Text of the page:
One year on and Steinhoff’s Jooste is still left in peace

Ex-CEO living a life of relative normality, for now.
Markus Jooste. Picture: Moneyweb

It’s exactly a year since Markus Jooste quit as chief executive officer of Steinhoff International at the start of an unfolding accounting scandal and share-price collapse. Yet so far, the 57-year-old South African has been largely left in peace.

While many of his former colleagues have battled investors, bankers and regulators around the clock to keep the global retailer afloat, Jooste has led the mostly quiet existence of a retired multimillionaire. He’s made only one public appearance in an official capacity — to face questions in parliament in September about his role in the crisis — before retreating back into a life of relative normality.

That may change in the next few weeks, with a long-awaited forensic report into Steinhoff’s finances due to be completed. Auditors at PwC are expected to describe a series of third-party transactions and inflated asset valuations at the heart of the retailer’s collapse, and, as the CEO who presided over the alleged financial wrongdoing, Jooste’s name is likely to feature. That could trigger a series of moves against the ex-CEO, as out-of-pocket investors and law enforcement agencies look for someone to hold responsible.

The following account of Jooste’s movements over the past year is based on numerous interviews over several months with people linked to him who requested anonymity discussing private matters. Jooste and his lawyer, Callie Albertyn, didn’t respond to requests for comment.

Abusive graffiti

There are signs that Jooste is already wary of the prospect of a return to the spotlight. The curtains and blinds of his 21 345 square-foot property in the whale-watching town of Hermanus, part of it bought for R11 million in 2005, are firmly drawn. Abusive graffiti has been sprayed on the walls — and has been only crudely painted over.

Elsewhere in Hermanus, which is about a 90 minute drive down the coast from Cape Town, a 54 013-square feet plot bought by Jooste for R36.5 million lies desolate. Development of the property, in a spectacular location with endless ocean and mountain views, was abandoned after Jooste’s wealth declined by at least R3 billion in the wake of Steinhoff’s collapse. Even so, local residents still have to contend with the plot’s high walls that block access for people who like to walk along the cliffs and beaches.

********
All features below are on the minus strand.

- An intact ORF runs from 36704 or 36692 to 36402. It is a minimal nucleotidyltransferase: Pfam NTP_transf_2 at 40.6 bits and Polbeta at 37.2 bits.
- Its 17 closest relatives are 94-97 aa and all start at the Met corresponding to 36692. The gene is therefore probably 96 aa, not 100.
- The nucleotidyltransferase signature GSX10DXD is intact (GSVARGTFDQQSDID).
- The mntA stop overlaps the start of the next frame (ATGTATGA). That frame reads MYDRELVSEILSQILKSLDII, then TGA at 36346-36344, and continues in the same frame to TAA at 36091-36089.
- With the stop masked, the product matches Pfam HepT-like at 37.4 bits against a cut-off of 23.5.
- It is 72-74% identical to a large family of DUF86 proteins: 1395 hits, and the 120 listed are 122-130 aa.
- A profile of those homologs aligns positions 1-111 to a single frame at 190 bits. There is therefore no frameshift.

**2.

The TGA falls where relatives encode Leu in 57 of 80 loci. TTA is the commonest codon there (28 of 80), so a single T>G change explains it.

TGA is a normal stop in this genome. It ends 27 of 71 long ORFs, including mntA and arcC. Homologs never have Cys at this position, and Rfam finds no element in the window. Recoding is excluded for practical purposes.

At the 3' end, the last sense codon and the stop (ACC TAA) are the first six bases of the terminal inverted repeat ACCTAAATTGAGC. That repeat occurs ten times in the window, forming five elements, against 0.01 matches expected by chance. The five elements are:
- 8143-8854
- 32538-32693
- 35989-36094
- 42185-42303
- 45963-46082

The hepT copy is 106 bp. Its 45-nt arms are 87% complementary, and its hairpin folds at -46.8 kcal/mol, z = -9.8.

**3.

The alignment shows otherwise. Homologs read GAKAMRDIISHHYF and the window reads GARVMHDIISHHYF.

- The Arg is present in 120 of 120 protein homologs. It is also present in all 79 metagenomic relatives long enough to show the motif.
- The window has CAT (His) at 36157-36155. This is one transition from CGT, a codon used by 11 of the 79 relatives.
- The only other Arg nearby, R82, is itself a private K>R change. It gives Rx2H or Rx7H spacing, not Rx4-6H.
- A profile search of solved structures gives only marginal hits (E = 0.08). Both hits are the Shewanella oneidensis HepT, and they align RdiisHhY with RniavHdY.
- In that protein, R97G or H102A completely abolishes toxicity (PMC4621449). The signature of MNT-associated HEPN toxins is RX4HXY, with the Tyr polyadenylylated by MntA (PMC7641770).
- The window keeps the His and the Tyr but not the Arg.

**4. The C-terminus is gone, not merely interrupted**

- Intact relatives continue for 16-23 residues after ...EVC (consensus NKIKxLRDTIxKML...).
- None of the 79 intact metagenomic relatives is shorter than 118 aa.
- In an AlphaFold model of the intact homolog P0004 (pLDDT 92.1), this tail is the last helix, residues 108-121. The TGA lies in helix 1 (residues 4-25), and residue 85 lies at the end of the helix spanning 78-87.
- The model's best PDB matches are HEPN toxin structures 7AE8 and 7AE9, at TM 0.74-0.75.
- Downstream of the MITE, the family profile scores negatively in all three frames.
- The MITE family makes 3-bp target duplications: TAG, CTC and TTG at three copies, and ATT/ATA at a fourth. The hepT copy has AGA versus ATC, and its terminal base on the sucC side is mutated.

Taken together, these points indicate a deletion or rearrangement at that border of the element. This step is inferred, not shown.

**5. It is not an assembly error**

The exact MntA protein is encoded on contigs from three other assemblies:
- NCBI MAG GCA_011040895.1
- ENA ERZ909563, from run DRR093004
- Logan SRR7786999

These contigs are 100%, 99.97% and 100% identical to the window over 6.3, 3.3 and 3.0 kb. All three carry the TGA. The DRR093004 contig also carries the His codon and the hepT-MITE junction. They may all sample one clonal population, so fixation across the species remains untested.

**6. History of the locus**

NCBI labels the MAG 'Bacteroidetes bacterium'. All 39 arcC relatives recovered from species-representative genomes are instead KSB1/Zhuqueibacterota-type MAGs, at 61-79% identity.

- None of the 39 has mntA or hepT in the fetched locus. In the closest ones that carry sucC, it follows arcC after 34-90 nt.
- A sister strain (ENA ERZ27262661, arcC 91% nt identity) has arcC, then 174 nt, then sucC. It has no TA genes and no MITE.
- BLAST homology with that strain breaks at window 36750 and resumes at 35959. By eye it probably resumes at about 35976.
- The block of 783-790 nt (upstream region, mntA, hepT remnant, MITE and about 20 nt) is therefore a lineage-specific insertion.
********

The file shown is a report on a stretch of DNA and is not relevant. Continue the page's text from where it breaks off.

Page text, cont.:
Not far away in Stellenbosch, where Steinhoff has its head offices, Jooste shares a farm surrounded by mountains and vineyards. The area has been home to at least four former Steinhoff directors and associates.

One of his neighbors there is Jannie Mouton, the founder of investment firm PSG Group and previously a non-executive director of Steinhoff. Having once produced wines together on a non-commercial basis, Mouton has changed the labels on all the bottles bearing Jooste’s name. The two restaurants that carry stock do the same, according to a source familiar with the businessman’s activities.

Jooste can be seen every few weeks at the Vasco da Gama Taverna, a little Portuguese pub in Cape Town, which has a wide array of beers on tap and items like spicy Trinchado on the menu. And in Hermanus, he’s said to be a regular at Burgundy Restaurant, an eatery offering seafood and fine wine along with ocean views.

Bubbling in the background isn’t only the looming PwC report, but a summons by prosecutors in the Netherlands. Allegations of numerous related-party transactions have surfaced. Former chairman Christo Wiese is suing Steinhoff for R59 billion, while other investors have hit Steinhoff with class action lawsuits.

All are preparing their next move.

© 2018 Bloomberg L.P



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The hysteria to “have Jooste arrested and incarcerated” is uncalled for.
He has not yet been found to have transgressed any criminal laws.